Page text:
Thousands Visit Hyde Park for Silver Room Block Party

The 16th annual Silver Room Sound System Block Party enveloped the streets of downtown Hyde Park, last Saturday where thousands of Chicagoans gathered to enjoy food and music from primarily black and brown vendors and performers.

This year’s theme for the festival, “The Greater Good,” was inspired by the effort to bring the community together in celebration. Families lined the sidewalks of East 53rd Street with their lawn chairs, while house music bumped loudly, and the piquant smell of barbecued wings filled the air.

“Last year I came and was wowed, and this year I knew I had to be a part of it,” said Tuyeni Akankeim, educator at the Healing Academy and vendor at the Silver Room Block Party. “We are proud to be here in representation of black art and black healing, because we have true spiritual value and true spiritual power.”

The Silver Room Block Party was established by the owner of the renowned jewelry and retail operation, Eric Williams in 1997 — and the storefront has made a name for itself ever since. Its eclectic mix of handmade jewelry, clothing and art, represents a diverse variety of local and international artists, and this year’s Block Party offered a myriad of music, food, and merchandise to match.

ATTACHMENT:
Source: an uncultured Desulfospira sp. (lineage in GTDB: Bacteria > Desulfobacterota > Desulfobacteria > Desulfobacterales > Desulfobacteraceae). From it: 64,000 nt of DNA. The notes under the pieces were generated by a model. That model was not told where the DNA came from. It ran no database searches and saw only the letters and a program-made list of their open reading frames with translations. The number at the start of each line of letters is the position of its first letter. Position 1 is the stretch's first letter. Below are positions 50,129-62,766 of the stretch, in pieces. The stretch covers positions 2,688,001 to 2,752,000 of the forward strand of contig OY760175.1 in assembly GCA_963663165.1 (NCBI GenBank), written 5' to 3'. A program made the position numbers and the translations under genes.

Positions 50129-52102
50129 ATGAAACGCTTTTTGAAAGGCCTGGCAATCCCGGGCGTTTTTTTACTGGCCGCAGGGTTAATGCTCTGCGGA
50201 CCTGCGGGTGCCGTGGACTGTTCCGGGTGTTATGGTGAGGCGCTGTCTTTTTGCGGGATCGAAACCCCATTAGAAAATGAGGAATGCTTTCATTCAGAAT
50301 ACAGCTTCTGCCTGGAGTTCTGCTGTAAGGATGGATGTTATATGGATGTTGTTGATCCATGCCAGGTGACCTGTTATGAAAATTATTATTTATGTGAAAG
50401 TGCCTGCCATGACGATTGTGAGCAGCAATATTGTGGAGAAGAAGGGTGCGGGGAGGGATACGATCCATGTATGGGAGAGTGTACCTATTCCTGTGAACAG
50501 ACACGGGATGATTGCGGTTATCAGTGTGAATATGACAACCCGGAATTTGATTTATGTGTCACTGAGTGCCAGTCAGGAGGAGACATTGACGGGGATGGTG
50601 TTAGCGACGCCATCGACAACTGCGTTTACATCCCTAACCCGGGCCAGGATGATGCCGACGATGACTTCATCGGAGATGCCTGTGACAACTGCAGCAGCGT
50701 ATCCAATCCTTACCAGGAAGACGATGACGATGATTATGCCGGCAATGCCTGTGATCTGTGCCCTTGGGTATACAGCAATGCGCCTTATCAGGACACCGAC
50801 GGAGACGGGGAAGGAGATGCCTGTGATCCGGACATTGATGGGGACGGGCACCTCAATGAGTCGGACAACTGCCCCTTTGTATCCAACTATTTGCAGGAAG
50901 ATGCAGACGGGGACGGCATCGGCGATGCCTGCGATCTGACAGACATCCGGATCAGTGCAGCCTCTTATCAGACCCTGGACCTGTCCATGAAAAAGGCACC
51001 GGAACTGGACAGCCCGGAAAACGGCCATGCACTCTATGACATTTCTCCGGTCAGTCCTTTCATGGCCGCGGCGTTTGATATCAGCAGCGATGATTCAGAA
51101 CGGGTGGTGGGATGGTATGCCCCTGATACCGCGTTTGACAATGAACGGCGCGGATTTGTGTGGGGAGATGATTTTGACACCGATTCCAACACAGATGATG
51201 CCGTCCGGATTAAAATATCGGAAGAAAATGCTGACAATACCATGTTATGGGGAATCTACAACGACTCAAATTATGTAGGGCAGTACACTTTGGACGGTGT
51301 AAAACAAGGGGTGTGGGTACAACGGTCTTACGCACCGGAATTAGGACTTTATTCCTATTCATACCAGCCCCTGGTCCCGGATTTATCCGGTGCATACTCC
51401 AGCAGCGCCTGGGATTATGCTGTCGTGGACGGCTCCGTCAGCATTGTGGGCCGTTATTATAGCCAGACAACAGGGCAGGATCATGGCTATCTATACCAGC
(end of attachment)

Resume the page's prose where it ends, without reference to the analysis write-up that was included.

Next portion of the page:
The Block Party has grown into a vibrant and culturally diverse event, open to all ages. This year marked its fourth year of partnership with Downtown Hyde Park, a collaboration that has garnered the attendance of thousands of Chicagoans.

It is a grassroots mission to bring the community together and that was apparent to many of this year’s attendees.

“The Silver Room Block Party is a Chicago Summertime Staple,” said Melissa Duprey who is a regular attendee of the Southside festival. “I love that it is so predominantly black and brown,” she continued, “lifting up a lot of the fabric that is interwoven in Chicago that people don’t often think about. I love that it’s on the South Side and it brings a lot of people and communities to the South Side, just to really celebrate our existence and our survival, because nobody really celebrates like we do.”

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